Dr. Lewis said the intensive 12-week program includes 24 modules: knife skills, food and bacteria safety, cooking methods and measuring, equipment and tools, recipes/ ‘mise en place,’ flavorings, stocks, sauces, soups, vegetables/vegetarian cooking, fruits, salads/salad dressings, cheese, horsd’oeuvres and appetizers, meats, poultry, game meats, fish and shellfish, quick breads and custards, pies, pastry, cake decorating, yeast breads, alcohol, catering, international cuisines, catering project, food allergies and intolerances, dietary requests, business skills, behavioral analysis for working with teams and personalities, a research paper, and placement. She completed an internship with Benefits for Life. There she was taught to make dietary gluten free pastry and snack foods.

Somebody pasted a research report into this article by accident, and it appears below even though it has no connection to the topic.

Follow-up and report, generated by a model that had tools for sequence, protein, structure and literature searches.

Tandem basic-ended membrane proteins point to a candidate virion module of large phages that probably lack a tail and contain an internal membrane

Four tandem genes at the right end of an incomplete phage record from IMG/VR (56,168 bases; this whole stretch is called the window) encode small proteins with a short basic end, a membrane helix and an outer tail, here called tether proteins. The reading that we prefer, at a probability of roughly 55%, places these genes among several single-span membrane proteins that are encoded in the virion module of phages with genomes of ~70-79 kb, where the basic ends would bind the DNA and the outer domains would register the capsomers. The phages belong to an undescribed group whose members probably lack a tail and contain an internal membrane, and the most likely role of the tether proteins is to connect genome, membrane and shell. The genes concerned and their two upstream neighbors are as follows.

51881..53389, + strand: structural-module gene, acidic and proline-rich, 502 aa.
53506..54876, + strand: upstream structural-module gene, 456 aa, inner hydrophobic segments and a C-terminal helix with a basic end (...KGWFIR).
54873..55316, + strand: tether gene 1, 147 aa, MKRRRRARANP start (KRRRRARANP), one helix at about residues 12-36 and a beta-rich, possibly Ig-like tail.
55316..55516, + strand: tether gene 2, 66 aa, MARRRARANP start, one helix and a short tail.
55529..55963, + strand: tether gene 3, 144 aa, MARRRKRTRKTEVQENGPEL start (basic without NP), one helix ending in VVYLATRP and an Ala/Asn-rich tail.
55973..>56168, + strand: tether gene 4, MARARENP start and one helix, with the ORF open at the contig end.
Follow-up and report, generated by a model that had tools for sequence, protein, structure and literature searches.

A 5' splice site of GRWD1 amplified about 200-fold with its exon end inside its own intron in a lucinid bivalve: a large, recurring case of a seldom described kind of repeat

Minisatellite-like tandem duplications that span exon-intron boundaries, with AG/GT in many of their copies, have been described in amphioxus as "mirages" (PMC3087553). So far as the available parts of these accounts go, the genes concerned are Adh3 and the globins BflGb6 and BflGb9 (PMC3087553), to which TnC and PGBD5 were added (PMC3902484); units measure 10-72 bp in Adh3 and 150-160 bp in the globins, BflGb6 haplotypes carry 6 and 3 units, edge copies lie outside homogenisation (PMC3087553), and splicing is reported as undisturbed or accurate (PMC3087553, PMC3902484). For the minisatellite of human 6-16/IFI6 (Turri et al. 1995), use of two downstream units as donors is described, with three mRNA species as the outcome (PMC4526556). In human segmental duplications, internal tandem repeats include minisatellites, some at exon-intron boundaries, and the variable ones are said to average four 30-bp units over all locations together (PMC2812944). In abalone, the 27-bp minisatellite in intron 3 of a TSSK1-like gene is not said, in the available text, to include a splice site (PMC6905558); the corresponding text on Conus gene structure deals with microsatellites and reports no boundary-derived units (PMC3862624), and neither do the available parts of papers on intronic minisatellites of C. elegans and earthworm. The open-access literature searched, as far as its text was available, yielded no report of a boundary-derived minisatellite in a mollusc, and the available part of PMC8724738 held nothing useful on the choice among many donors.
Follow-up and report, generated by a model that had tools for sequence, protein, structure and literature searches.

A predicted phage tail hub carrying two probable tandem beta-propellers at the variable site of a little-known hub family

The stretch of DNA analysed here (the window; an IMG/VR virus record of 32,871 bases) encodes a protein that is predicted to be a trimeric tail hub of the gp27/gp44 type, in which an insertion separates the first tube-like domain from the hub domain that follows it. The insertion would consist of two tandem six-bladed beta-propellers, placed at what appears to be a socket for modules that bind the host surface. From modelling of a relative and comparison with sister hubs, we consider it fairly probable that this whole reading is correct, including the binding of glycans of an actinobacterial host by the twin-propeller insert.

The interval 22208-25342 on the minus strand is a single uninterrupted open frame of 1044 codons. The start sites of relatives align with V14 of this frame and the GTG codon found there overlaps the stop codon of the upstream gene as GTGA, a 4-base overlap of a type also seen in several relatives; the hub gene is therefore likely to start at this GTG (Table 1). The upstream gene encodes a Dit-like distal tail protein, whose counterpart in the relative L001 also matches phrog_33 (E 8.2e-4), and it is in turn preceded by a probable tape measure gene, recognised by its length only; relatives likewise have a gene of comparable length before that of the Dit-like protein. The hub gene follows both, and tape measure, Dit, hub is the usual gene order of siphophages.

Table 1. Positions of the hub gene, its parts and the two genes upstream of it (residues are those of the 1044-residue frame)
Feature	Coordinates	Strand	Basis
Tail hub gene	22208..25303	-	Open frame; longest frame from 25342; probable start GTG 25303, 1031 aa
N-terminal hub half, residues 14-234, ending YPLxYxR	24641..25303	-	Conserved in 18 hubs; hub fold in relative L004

Dr. Lewis said one of the highlights of the program for her was when she served the Malaysian Banquet at the UTK Conference Center. Chef Greg allowed the students to cook one of their favorite cuisines. She chose to cook Mediterranean/Oriental stir fry with hoisin sauce in vegetables over rice, which was well received. She also served on a teacher appreciation banquet at the Heritage High School for teachers of the Family Consumer Sciences classroom and school staff. Additionally, Dr. Lewis enjoyed serving the same cuisine dishes at her graduation banquet and a subsequent church function. She said that she learned stir-fry cuisine cooking in Bangkok, Thailand, when her husband was stationed there in the late ‘70s. From that time, she has cooked cuisine stir fry dishes and fried wontons for her family and school children on special occasions.